I’m a big fan of clinical Wikis. They allow clinicians to take control of their own content and present it in the way that they need to see it at the point of care. They are not Intranets. Intranets tend to be out of date because there’s usually just one “Intranet Guy” in the IT dept and gradually updates fall behind. Once people see that the intranet is largely out of date, they start to ignore it, which means a) it gets even more out of date, and b) nobody looks at it anyway.
Following on from last year’s work at Strangeways with file-based non-server ersatz ‘wiki’ solution TiddlyWiki, we were able to show the benefits to senior staff who agreed we should proceed to a full server installation of MediaWiki which allows better UI and document handling as well as a full audit trail of edits. This was done in December 2013 and I transferred all the content from their myriad sources of clinical information into the Wiki, creating a single standard point of reference for all information. The Wiki replaced both the ‘old’ and ‘new’ Intranets, both of which were sorely in need of updating and had dozens of broken links. The new Wiki allows a larger number of people to be Editors, meaning that with an engaged workforce in control of it’s own information, the information in the Wiki remains more up to date.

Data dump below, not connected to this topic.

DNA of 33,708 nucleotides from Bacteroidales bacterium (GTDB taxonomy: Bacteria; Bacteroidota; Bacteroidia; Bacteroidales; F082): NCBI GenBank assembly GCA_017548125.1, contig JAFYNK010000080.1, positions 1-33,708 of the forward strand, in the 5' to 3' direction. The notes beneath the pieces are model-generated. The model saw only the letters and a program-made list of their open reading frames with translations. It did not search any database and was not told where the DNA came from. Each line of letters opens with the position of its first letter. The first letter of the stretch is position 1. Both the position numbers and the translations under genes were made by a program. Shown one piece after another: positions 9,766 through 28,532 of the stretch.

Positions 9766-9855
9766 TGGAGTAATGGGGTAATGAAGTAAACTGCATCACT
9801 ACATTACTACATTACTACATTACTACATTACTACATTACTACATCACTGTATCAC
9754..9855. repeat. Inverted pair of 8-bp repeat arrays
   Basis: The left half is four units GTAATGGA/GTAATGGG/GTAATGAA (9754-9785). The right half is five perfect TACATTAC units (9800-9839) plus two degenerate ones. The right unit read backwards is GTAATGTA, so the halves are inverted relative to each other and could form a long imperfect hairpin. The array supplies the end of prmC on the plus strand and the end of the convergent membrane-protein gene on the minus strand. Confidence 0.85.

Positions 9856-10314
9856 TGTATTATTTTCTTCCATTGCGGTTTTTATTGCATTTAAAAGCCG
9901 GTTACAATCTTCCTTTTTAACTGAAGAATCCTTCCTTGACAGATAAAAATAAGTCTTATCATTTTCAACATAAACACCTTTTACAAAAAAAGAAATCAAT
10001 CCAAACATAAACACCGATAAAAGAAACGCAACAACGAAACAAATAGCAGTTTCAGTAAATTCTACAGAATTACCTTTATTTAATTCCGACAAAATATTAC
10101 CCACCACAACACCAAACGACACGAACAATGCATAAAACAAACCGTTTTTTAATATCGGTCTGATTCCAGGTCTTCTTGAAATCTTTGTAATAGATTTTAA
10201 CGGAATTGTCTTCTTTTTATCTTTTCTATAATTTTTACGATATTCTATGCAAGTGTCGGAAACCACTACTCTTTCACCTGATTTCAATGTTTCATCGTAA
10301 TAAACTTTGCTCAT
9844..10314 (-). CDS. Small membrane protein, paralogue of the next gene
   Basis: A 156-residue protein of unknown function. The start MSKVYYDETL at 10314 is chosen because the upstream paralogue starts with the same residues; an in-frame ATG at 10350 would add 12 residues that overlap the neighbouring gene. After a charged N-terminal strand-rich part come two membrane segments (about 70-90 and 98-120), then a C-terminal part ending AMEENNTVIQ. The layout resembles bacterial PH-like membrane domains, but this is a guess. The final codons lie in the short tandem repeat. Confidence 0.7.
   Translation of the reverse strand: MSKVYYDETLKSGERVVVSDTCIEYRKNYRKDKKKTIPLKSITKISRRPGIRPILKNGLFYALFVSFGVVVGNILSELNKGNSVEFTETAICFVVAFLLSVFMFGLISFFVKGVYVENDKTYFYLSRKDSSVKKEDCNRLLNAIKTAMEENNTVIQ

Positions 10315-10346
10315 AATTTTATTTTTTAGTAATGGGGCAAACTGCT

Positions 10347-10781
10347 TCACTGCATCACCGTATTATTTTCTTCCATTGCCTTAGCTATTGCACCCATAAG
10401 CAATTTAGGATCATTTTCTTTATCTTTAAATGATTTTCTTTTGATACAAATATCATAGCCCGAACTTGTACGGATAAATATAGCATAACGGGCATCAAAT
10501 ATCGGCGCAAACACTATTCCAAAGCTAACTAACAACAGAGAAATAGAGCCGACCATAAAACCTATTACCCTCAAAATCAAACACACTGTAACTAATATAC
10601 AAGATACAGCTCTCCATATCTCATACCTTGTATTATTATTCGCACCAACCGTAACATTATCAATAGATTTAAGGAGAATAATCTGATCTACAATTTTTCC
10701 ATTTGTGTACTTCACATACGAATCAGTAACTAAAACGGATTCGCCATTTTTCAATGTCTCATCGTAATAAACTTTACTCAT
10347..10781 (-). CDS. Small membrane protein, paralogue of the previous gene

We used Bitnami for our one-click MediaWiki installation, which ran well on a Windows box as server.